Federal funds for COVID-19 business relief were depleted at one point, but now there’s more money than businesses getting it.
According to the U.S. Small Business Administration, $128 billion was left to lend in the Paycheck Protection Program as of Wednesday evening, with just over a week left for businesses to apply in the current round. Applications are due Saturday, Aug. 8.
But in New York, it’s been a struggle to connect that pot of federal dollars to some of those who need funding most.
In the South Bronx, a local business liaison said he went in-person to talk up the program to mostly Spanish-speaking auto repair owners who hadn’t yet applied.
In Manhattan, staff from the borough’s Chamber of Commerce are going door-to-door to spread the word, particularly uptown and on the Lower East Side.
In North Brooklyn, loan processors have struggled to reach manufacturers who may not speak English, or aren’t digitally adept.
‘Tip of the Iceberg’
“All the savvy, larger businesses got in and got theirs,” said Leah Archibald, executive director of East Williamsburg-based Evergreen Exchange, which helps small businesses in the area’s industrial zone. “I feel like we are missing a lot of minority and immigrant-owned businesses.”
Archibald’s group maintains a list of about 1,500 businesses through an annual door-to-door survey kept “as up-to-date as humanly possible,” she said. But still, there are those her team misses.
In mid-May, Archibald noted, a Spanish-speaking colleague was delivering meals to homebound locals when he ran into the owner of a woodworking shop two blocks from their offices.
The woodworker, who speaks only Spanish, had tried to apply for PPP in person at his bank, where he was told to fill out the application online. He never finished the paperwork.
Because of the happenstance run-in, Archibald was able to connect him with a community development financing institution fluent in Spanish to shepherd him through the process.
The woodworker got the help he needed, but the chance encounter made Archibald realize “there are so many people falling through the cracks,” she said.
“When you see the tip of the iceberg, you know the majority of the volume is hidden,” Archibald added.
Minority and women-owned businesses have struggled to secure PPP funding all over the country, as advocates have pointed out for months. With this round’s deadline rapidly approaching, concern is growing that the situation isn’t getting much better.
In East New York, Camille Newman, director of the SBA-funded Women’s Business Center, is acutely aware of the low loan approval rating among minority applicants.
She said many of her group’s clients get rejected for various federal loans: Some because of their credit scores — which is required by applicants to the SBA’s Economic Injury Disaster Loan program, but not to PPP — or because they don’t have the necessary paperwork lined up.
“A lot of these businesses, when they started — as mom and pops, or they’re street vendors, or they’re selling at home — they’re not thinking through documentation and how I should be filing my taxes,” she said.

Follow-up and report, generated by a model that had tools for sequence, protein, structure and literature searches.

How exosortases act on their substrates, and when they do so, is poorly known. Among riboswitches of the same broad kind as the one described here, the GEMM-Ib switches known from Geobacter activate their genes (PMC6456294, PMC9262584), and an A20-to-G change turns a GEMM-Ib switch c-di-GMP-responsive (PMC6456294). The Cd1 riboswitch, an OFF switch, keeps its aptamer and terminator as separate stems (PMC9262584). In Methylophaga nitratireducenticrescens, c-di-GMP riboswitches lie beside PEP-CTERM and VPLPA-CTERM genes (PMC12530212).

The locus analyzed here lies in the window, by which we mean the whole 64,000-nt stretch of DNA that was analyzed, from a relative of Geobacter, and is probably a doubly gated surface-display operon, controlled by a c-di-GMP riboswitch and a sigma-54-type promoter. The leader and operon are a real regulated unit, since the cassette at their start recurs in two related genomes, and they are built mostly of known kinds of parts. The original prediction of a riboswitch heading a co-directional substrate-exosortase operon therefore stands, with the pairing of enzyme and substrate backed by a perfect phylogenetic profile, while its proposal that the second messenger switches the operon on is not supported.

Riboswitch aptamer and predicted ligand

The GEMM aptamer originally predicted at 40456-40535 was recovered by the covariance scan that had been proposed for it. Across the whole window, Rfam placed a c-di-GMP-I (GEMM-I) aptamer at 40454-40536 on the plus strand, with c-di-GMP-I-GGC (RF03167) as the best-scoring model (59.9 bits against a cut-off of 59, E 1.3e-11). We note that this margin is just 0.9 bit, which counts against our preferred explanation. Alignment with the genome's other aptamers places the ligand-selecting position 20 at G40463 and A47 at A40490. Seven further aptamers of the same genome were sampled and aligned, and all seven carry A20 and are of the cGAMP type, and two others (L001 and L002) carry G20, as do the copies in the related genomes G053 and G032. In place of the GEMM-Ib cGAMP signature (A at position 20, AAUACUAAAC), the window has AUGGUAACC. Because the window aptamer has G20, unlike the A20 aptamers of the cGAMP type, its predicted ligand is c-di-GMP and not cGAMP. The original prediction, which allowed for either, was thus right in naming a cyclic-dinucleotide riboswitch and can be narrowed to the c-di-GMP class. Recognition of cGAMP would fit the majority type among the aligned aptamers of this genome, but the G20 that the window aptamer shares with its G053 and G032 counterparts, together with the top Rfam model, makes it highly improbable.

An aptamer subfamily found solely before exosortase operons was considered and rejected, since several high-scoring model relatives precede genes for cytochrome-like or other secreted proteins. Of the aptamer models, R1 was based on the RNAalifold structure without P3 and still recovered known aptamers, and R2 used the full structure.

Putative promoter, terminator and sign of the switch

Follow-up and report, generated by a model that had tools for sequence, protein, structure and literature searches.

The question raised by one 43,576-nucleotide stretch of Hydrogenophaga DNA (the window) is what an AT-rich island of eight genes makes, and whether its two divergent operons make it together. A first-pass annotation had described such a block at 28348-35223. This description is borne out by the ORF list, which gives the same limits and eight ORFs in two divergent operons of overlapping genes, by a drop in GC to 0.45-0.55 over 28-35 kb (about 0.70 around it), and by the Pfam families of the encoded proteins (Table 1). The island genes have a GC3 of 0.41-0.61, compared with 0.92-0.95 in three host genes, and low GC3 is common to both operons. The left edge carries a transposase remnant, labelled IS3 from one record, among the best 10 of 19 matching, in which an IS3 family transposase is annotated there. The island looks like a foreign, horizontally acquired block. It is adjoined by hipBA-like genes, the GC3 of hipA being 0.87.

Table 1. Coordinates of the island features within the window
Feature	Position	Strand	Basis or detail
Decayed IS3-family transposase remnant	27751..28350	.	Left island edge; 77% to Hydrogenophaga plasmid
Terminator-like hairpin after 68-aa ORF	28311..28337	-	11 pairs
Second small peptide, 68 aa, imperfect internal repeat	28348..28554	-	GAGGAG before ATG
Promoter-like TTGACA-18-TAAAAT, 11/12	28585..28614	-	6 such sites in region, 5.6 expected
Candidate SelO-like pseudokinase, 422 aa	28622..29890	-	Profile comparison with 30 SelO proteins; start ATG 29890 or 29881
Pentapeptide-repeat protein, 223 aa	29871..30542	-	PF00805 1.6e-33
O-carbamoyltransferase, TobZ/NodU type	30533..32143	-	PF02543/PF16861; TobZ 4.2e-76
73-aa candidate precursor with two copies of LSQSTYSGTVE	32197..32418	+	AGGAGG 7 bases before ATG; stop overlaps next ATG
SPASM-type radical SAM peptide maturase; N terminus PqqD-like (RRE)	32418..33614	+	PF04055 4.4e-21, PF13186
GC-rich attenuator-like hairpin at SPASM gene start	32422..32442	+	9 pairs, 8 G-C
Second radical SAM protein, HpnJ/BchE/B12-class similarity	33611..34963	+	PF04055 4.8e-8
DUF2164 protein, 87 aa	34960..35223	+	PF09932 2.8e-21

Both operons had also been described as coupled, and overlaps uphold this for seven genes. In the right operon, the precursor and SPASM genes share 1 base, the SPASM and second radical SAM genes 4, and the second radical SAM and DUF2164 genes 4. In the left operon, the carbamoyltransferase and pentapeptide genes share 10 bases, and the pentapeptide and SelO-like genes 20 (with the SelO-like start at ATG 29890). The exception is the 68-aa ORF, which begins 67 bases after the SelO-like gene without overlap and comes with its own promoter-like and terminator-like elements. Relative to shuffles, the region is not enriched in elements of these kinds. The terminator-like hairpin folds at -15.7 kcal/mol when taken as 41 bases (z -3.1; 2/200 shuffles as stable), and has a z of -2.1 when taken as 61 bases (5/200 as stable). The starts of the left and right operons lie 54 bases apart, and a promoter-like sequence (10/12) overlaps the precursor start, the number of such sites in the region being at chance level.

“You have to show everything that you have,” said Lalita Kumut, owner of The Fragrance Shop in the East Village. “They’re asking for your income tax. They’re asking for anything from your accountant. You cannot ignore it.”
Kumut applied for PPP back in April and has not yet seen the money come through, she said. She joined a coalition of business owners at a news conference Wednesday urging the state to implement rent relief for small businesses.
“I have anxiety now,” she said. “I don’t want to close my shop.”
The Paycheck Protection Program is not for everyone, and should be used only by proprietors who intend to follow the rules, including spending 60% of the money on payroll, and keeping workers employed for 24 weeks, Archibald said.
“It’s not free money. You really actually have to do this stuff,” she said. “You have to sign a statement saying this is my intention to do this.”
Jessica Walker, president of the Manhattan Chamber of Commerce, underscored that PPP is “not the cure-all for all businesses,” particularly because the loan can only go so far to cover businesses’ biggest burden: rent.
“Rent is a huge cost for most businesses and the PPP is designed to primarily help you pay for your employees, your labor costs, and cover only a portion of rent,” she said. “That helps a lot of businesses, but it’s not necessarily right for every business.”
Still, Walker said, the Chamber is making efforts to reach businesses before the deadline, leading webinars and workshops, and reaching out to owners by phone and in person, particularly in Harlem, Washington Heights, Inwood and the Lower East Side.
“Now that we know that there were winners and losers — and particularly … that minority business owners did not do as well, which is very concerning — we have done tremendous outreach to try to reverse that,” she said.
Christophe Le Gorju, senior director at the South Bronx Overall Economic Development Corporation, is trying to push more businesses in his borough to apply, but finds it’s an uphill battle.
To spread the word, he visited shops along Jerome Avenue’s auto repair row where many workers speak only Spanish and often are independent contractors. Some thought — erroneously — because they have work visas, they couldn’t apply, and others who stopped working only briefly weren’t sure they were eligible.
“They thought they didn’t qualify because they barely closed,” he said. “It’s not about closing the business. It’s about loss of income.”
The article was published at Feds’ Small Business Loan Program Has $128B Left. Yet City’s Minority Owners Still Struggling to Get Their Share